Street fight: cyclists vs motorists

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There is a three-sided conflict on London‘s streets between cyclists, pedestrians and motorists. Will there be a winner or should we call a truce? Here, some opinionated Londoners lay out their battle plans

  • Street fight: cyclists vs motorists

    Road to war: will the users of London's streets ever see eye to eye?

  • Ditch the helmets
    Dr Peter Ward, GP
    When cycle helmets became popular I was an early adopter. I was a medical student and cycled to my A&E attachment at Sunderland Royal Hospital. The consultants and nurses were pleased with my setting such a good example. I felt virtuous. But after I lost my third helmet in 12 months I started to question the whole thing. They are a pain: uncomfortable, inconvenient, bulky and now expensive. I wondered whether not wearing one was in fact okay. I met an experienced cyclist who thought the whole helmet thing was nonsense and I started doing some research. After reviewing the evidence, I have come to the same conclusion.There is an ongoing debate in medical literature about helmets.

    One type of study design, case-controlled studies, predicts big protective effects from helmet wearing. The usual figure given is that they should prevent two thirds of brain injury. But this type of research has fooled doctors before. Real-life studies from Australia, New Zealand, Canada and the USA have not found noticeable benefits from helmet use. Where laws were enforced, cycling actually became more hazardous because fewer people cycled. Less cycling means more danger for those still cycling. If we really want to make cycling safer, real-world experience shows us we should encourage more of it. In London, the number of people cycling has doubled over the past five years, yet the number of cyclists killed has dropped by almost 50 per cent since the mid-’90s.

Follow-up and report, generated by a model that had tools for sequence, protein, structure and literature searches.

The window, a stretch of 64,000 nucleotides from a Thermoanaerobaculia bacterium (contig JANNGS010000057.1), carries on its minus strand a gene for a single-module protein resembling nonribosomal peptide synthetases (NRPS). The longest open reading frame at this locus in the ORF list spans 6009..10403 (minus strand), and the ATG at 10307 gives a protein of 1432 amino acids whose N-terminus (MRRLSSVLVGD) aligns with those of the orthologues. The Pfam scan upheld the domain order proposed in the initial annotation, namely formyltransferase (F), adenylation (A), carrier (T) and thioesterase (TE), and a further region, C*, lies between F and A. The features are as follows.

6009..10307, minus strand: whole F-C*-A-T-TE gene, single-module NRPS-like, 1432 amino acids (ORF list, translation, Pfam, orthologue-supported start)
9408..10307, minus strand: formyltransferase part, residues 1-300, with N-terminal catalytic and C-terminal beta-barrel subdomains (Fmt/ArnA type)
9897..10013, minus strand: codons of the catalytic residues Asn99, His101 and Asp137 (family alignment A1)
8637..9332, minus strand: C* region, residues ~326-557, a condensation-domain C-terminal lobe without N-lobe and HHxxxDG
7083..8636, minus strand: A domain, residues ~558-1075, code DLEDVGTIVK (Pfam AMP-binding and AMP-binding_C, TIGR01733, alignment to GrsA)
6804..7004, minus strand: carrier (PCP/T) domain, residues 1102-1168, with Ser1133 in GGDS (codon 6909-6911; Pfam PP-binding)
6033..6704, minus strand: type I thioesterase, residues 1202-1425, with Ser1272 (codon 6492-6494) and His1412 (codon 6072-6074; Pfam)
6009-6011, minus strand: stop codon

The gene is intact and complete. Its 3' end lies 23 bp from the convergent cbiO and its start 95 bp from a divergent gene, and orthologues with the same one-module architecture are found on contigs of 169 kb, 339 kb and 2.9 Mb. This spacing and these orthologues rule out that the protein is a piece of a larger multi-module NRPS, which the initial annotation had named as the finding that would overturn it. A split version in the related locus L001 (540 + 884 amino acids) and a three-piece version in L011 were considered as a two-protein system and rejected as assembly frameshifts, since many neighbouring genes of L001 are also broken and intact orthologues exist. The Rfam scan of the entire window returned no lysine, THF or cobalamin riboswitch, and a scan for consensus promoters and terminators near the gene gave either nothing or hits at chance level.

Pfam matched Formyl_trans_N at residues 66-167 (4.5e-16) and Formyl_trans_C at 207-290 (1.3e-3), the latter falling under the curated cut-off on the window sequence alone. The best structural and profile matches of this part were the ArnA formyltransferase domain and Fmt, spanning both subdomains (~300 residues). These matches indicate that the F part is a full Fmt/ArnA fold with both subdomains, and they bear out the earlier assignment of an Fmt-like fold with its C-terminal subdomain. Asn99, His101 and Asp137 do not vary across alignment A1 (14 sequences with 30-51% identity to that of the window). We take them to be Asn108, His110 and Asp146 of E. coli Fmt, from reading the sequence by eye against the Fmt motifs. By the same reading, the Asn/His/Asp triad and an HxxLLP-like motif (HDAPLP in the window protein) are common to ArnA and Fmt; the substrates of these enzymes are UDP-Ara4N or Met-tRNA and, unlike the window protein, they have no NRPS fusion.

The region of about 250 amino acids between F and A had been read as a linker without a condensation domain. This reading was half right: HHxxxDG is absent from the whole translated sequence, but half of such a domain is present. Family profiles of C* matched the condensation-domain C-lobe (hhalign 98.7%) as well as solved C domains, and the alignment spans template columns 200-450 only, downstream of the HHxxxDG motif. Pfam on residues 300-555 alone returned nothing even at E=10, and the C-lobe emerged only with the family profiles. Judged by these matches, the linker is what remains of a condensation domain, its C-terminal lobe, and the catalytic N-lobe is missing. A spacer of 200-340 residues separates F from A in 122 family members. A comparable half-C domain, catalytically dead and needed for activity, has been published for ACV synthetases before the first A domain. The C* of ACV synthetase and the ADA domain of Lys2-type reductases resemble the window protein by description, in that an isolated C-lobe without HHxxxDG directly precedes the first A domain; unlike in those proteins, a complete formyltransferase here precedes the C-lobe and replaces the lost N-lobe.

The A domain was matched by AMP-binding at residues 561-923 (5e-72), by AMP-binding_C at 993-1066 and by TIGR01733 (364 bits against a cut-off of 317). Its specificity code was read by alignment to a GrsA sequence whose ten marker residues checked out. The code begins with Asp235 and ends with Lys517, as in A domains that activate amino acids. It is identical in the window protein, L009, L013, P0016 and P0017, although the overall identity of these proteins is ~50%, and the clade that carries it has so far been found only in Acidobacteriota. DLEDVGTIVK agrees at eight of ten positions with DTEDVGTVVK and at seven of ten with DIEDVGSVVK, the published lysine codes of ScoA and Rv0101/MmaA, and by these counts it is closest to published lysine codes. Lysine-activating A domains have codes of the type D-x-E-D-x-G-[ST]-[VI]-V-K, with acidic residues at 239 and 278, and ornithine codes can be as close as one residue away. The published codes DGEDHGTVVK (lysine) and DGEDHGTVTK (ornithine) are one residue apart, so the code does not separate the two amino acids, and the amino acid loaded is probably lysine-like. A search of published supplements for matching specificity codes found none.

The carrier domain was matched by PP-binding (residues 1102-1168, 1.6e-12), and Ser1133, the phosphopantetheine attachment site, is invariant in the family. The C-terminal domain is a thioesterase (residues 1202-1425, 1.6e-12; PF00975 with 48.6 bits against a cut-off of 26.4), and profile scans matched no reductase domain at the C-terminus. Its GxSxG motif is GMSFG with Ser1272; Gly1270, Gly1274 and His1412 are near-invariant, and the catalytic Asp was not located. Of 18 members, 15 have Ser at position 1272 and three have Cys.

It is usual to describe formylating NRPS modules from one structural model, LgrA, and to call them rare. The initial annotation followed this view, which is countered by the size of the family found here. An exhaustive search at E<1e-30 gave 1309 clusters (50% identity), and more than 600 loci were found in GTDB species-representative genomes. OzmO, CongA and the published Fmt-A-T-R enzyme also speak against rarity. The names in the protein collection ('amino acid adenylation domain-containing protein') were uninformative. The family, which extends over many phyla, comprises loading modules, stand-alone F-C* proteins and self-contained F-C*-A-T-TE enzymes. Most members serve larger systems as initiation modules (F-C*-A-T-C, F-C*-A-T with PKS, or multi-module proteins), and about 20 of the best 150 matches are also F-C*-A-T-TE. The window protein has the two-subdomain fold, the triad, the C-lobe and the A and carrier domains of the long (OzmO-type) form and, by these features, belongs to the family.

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    This guy's ditched the helmet

    That may be because drivers get used to cyclists being around. Possibly it’s because a driver who cycles is likely to be safer around cyclists. But if simply telling people ‘cycling is dangerous, wear a helmet’ is a great way to put them off, and less cycling makes it more hazardous.So how dangerous is cycling? According to Government statistics on road casualties, fewer cyclists die per kilometre travelled than pedestrians. Also, people who cycle tend to live longer, regardless of helmet-wearing. A BMA study in 1999 found that the benefits of cycling outweighed the risks by 20:1. Cycling may be scary, especially if you are new to it, but I would suggest that spending £30 on some good-quality training rather than on a piece of expanded polystyrene foam may go a lot further in preventing a head injury. Cyclists need decent road sense rather than inadequate body armour. A lid that shatters if impacted at more than 12mph, like filter tips on a cigarette, only provides an illusion of safety.

    These days my surgeries are full of overweight, inactive people. I get looks of incredulity when I suggest they might fight the flab by cyclinng to work. The biggest thing that puts people off riding a bike is its dangerous image. Cycling is not a high-risk activity but is being dangerised by the promotion of helmets. The British Medical Association still believes cycling can be made safer by making helmets compulsory (although even this is being challeneged internally). But helmets are not compatible with mass cycling and the sooner the fad passes the better.

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